Genuity Braces For Slowdown

Internet infrastructure giant Genuity met first-quarter financial targets but will lay off about
620 workers, 12 percent of its staff, because customers are delaying orders.

Contract worker cuts will bring the total number of job reductions at the Woburn, Mass. company, to 800. Genuity did not say which offices or departments would
be hit hardest.

“We will manage our business assuming slower economic growth until we see a sustained market turnaround,” said Paul R. Gudonis, Genuity’s chairman and CEO in
a statement. “These steps solidify our long-term financial strength, and position us to effectively capture future growth opportunities.”

For the first three months of 2001, the company reported a net loss of $292.4 million, or $1.52 per share, in the first quarter. That compares with a net loss of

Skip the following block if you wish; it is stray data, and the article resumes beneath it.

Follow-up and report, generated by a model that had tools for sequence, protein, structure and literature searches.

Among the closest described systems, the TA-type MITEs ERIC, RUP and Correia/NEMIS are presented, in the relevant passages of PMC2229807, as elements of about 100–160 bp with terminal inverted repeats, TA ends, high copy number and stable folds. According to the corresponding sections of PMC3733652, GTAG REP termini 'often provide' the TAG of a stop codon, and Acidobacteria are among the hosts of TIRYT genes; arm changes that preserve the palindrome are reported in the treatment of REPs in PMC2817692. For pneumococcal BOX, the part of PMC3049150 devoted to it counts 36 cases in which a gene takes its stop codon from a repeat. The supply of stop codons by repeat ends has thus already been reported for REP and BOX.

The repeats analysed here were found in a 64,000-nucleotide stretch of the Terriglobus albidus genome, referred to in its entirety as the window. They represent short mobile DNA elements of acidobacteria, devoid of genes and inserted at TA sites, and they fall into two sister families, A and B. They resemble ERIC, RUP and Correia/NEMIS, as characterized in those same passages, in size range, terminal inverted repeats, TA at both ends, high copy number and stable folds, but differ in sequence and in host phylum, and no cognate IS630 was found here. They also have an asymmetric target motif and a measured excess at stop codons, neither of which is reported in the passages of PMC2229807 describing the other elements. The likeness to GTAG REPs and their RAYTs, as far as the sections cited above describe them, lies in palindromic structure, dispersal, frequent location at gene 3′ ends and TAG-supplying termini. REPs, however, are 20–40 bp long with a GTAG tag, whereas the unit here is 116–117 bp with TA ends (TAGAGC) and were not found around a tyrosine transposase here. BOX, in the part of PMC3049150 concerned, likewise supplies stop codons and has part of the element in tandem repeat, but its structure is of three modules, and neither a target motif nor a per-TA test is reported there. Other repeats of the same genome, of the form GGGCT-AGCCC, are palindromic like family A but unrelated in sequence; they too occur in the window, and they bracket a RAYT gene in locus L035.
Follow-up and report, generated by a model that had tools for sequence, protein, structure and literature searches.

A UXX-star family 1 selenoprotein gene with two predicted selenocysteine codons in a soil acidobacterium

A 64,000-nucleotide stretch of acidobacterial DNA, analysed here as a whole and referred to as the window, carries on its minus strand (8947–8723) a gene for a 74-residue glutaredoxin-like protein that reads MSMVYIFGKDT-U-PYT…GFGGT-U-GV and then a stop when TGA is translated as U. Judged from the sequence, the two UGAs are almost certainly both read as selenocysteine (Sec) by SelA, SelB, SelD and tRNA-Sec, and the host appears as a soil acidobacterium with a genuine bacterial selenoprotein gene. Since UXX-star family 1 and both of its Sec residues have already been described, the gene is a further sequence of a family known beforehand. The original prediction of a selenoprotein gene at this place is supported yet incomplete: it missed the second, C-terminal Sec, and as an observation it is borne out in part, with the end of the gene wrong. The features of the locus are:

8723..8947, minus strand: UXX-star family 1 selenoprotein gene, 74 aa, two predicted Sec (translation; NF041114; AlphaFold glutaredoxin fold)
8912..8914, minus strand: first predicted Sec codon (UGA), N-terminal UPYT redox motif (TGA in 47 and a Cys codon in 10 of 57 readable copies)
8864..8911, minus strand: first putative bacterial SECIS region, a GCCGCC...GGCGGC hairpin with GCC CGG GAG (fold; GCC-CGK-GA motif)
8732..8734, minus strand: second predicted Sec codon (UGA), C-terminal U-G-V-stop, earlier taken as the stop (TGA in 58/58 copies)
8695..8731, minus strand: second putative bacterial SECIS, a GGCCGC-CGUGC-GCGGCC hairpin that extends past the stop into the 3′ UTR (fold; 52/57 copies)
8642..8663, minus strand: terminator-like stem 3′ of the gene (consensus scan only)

$209.8 million, or $11.49 per share for the year-ago period

On a pro-forma basis, Genuity lost 30 cents per share this quarter. Analysts polled by Thomson Financial/First Call survey expected a loss of 33 cents a
share. Genuity also warned that sales this year will be from $1.3 billion to $1.35 billion, below previous forecasts.

The company operates the second-largest dial-up Internet network in the United States. It was formerly the Internet division of GTE Corp. and spun out as part of
GTE’s merger with Bell Atlantic, now Verizon Communications.

At midday, shares of GENU slumped 0.07, or 3 percent, to 2.31. In the last year, the issue has ranged between 2.38 and 11.25.

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